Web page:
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Institutionalisation of Political Parties: Comparative Cases. Edited by Robert Harmel and Lars G. Svasand

Politicisation, Representation and Legitimation Crisis(?) in the European Union

European Union
 
Parliaments
 
Representation
 
Identity
 
Panel Number
P285
Panel Chair
Christopher Lord
Universitetet i Oslo
Panel Discussant
Christopher Lord
Universitetet i Oslo
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Time
07/09/2019 11:00 - 12:40
Location
Building: (Building C) Faculty of Law, Administration & Economics Floor: 4th floor Room: 405
Abstract
- What is the relationship between politicisation, representation and any legitimacy crisis in the European Union?
- Is politicisation a cause of any legitimacy problems experienced by the EU; or is, politicisation to the contrary, a means of generating legitimacy and resolving legitimacy problems?
- Can politicisation even be self-negating either by encouraging elites to regain technocratic control of nascently politicised questions; or by provoking populist challenges to the very debates and compromises on which politics depend?
- Or does politicisation, to the contrary, help by putting the ‘public’s problems’ on to the EU’s political agenda; by stimulating public opinion formation on EU matters; and by offering competition and choice over what would otherwise by purely technocratic exercises of EU powers?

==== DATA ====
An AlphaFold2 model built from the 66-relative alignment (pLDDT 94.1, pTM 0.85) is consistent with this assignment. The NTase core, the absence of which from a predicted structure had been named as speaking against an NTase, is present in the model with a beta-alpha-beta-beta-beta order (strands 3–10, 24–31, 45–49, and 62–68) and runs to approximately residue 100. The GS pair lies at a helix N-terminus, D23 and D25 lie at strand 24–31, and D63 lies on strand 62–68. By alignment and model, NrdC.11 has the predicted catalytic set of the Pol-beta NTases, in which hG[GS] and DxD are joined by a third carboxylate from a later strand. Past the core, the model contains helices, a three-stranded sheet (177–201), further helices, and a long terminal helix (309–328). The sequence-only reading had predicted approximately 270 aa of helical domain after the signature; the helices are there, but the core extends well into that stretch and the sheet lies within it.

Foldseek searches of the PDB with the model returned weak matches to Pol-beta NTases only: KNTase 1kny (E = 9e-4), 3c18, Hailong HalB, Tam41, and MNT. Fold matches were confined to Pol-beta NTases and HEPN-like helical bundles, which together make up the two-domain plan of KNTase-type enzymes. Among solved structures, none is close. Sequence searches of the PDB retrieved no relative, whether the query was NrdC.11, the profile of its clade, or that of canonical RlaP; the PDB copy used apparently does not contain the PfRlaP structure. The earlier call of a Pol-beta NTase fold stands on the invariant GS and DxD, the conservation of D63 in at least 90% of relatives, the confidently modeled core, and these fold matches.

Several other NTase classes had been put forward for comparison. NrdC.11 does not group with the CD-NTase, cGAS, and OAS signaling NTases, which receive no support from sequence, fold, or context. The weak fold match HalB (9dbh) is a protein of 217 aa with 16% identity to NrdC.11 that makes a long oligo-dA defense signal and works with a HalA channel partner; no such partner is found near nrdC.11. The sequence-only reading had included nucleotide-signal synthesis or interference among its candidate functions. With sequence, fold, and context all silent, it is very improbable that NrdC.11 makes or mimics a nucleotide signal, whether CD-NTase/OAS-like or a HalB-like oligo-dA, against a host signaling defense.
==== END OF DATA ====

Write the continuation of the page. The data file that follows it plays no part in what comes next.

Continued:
- Can we, indeed, distinguish ‘pro-representation politicisations’ from ‘anti-representation politicisations’: politicisations that stimulate the development of mass representative institutions and practices at the EU level from politicisations that are opposed precisely to that possibility?

Answers to these questions are likely to depend on how and by whom publics are represented on EU questions, This panel, therefore, includes papers on the politicisation and representation of partisan ideological identities by governments seeking to justify economic adjustments to the financial crisis; on the representation of national parliaments in the public control of the European semester; on attempts by the European Commission to frame itself as a representative of EU citizens in deciding state aids cases; and on the role of citizens themselves in representing their own emotions and understandings of the European Union and of the Euro through focus groups. All papers are based on PhD research within the PLATO network on the legitimacy of the European Union after the financial crisis (funded by the Marie Skłodowska/Curie programme of the European Commission).

Paper List


Title Details
Between Disaffection and Indifference: Studying the Euro’s Politicisation using Focus Groups View Paper Details
'Je t’aime… moi non plus': Emotional (Dis)connection(s) in a European Microcosm View Paper Details
Legitimacy of the European Semester: National Parliaments to the Rescue? View Paper Details
Political Legitimation in Times of Crisis: Legitimating Economic Adjustment in Spain and the UK View Paper Details
State Aid, its Claims and the Question of Representation View Paper Details
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